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Step 2: Determine a mark Once you have assigned a level you need to decide on the mark. Marking criteria: Task 1 Food investigation The food investigation is assessed in three sections as shown below: Section Criteria Maximum marks A Research 6 B Investigation 15 C Analysis and evaluation 9 Total 30 Food investigation assessment Students will investigate the working characteristics and the functional and chemical properties of a particular ingredient through practical investigation.

Outcome: Written or electronic report including photographic evidence.

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Time: Not to exceed 10 hours. Section A: Research 6 marks Students carry out research into the ingredients to be investigated. The hypothesis should be a statement which may be proved or disproved. Mark Description 5—6 Relevant, detailed and concise research into how ingredients work and the reasons why. Detailed explanation shows a high level of understanding of how the research has been used to inform the practical investigation. Planned and justified a detailed investigation, related to the research with a clear and focused hypothesis or prediction. Explanation of how the research is used to inform the investigation.

Planned an investigation which relates to the research, some justification given. A hypothesis or prediction has been stated. Limited explanation of how the research may be used to inform the investigation. Limited evidence of planning, with a basic approach to the investigation. A basic hypothesis or prediction has been stated. Section B: Investigation 15 marks Students carry out practical investigations, related to the hypothesis or prediction, which demonstrate understanding of how ingredients work and why.

Students should: Investigate and evaluate how ingredients work and why through practical experimentation. Each investigation should be related to the research and have a clear aim which can then be concluded. The number of investigations will be determined by the complexity of the investigations. A range of appropriate testing methods should be identified and carried out to record the results eg annotated photographs, labelled diagrams, tables, charts, sensory testing methods, viscosity tests.

Mark Description 11—15 Practical investigations show detailed and high level knowledge and understanding of how ingredients work and why with a clear link to the hypothesis or prediction. A wide range of testing has been carried out to formulate the results.

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Practical investigations are recorded and meticulously explained using methods such as: graphs, tables, charts, sensory analysis methods, labelled diagrams, annotated photographic evidence. A range of testing has been carried out to formulate the results. Practical investigations are recorded with very good explanation using methods such as: graphs, tables, charts, sensory analysis methods, labelled diagrams, annotated photographic evidence.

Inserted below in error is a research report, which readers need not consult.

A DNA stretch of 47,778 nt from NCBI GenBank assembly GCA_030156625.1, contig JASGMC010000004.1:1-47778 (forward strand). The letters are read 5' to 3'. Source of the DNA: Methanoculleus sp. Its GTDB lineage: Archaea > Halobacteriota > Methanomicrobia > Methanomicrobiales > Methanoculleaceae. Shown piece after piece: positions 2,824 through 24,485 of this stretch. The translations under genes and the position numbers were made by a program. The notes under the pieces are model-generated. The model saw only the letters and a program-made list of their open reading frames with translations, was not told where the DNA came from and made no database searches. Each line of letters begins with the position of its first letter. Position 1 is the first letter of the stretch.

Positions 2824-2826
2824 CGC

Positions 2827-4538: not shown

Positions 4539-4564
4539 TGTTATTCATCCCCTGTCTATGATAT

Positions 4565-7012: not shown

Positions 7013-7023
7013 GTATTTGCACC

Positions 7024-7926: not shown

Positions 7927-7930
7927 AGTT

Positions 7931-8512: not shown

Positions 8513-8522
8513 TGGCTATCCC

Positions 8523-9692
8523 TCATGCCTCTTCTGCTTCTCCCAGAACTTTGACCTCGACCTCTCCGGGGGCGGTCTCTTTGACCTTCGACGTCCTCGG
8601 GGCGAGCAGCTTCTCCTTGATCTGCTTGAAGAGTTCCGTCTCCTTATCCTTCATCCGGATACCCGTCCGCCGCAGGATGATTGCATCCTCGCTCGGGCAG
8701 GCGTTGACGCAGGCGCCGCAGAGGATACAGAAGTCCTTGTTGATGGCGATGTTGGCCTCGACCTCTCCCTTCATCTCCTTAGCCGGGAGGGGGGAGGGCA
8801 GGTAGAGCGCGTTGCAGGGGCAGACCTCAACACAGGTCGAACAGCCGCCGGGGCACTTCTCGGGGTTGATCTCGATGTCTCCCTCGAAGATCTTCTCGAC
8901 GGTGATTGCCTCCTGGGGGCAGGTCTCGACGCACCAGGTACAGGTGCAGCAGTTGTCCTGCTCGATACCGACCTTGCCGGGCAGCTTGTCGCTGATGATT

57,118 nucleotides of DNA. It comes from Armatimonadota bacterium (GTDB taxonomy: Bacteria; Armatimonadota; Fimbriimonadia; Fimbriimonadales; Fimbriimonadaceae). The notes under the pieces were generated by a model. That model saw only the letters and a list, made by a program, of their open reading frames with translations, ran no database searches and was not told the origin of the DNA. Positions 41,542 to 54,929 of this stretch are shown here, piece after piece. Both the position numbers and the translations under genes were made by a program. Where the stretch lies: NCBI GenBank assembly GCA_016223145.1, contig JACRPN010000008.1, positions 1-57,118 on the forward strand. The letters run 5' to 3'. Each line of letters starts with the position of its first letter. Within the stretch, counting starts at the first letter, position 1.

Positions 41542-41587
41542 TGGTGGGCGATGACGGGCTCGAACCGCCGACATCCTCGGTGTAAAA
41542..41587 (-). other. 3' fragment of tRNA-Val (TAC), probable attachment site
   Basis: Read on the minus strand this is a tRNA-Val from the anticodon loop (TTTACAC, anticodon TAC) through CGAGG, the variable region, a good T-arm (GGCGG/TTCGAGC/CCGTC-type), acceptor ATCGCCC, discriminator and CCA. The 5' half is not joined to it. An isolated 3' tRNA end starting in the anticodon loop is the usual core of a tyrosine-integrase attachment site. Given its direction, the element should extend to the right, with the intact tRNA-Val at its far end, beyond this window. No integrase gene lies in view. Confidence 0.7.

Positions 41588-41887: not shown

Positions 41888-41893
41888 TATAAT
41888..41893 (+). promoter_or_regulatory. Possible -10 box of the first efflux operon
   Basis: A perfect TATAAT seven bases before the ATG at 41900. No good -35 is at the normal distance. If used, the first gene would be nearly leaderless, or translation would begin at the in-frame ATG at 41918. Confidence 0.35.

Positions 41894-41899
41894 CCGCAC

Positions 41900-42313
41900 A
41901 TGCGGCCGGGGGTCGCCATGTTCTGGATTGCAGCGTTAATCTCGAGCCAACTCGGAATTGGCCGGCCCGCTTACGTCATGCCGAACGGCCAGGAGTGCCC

Some testing has been carried out to formulate the results.

A Level Resits: The Complete Guide to Retaking A Levels

Practical investigations are recorded with limited explanation. Section C: Analysis and evaluation 9 marks Students will analyse and evaluate the results of the investigation and reflect upon their findings. Students should: analyse and interpret the results of the investigative work. The report demonstrates an in-depth and specialist understanding of how ingredients work and why.

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The report is communicated in a structured and coherent manner with accurate use of technical language. The report demonstrates good understanding of how ingredients work and why. Explanation and review of how the results can be applied when preparing and cooking food. The report demonstrates some understanding of how ingredients work and why. Limited explanation of how the results can be applied when preparing and cooking food. The report is communicated at a simplistic level with a limited use of technical vocabulary. Marking criteria: Task 2 Food preparation assessment 'The Food preparation assessment' is assessed in five sections as shown below: Section Criteria Maximum mark A Researching the task 6 B Demonstrating technical skills 18 C Planning for the final menu 8 D Making the final dishes 30 E Analyse and evaluate 8 Total 70 Food preparation assessment In this task, students will prepare, cook and present a final menu of three dishes to meet the needs of a specific context.

This demonstrates the execution of technical skills and processes to an excellent standard. Medium demand Make pasta dough, roll to the required thickness and make pasta sheets for a pasta dish. This demonstrates the execution of technical skills and processes to a good standard.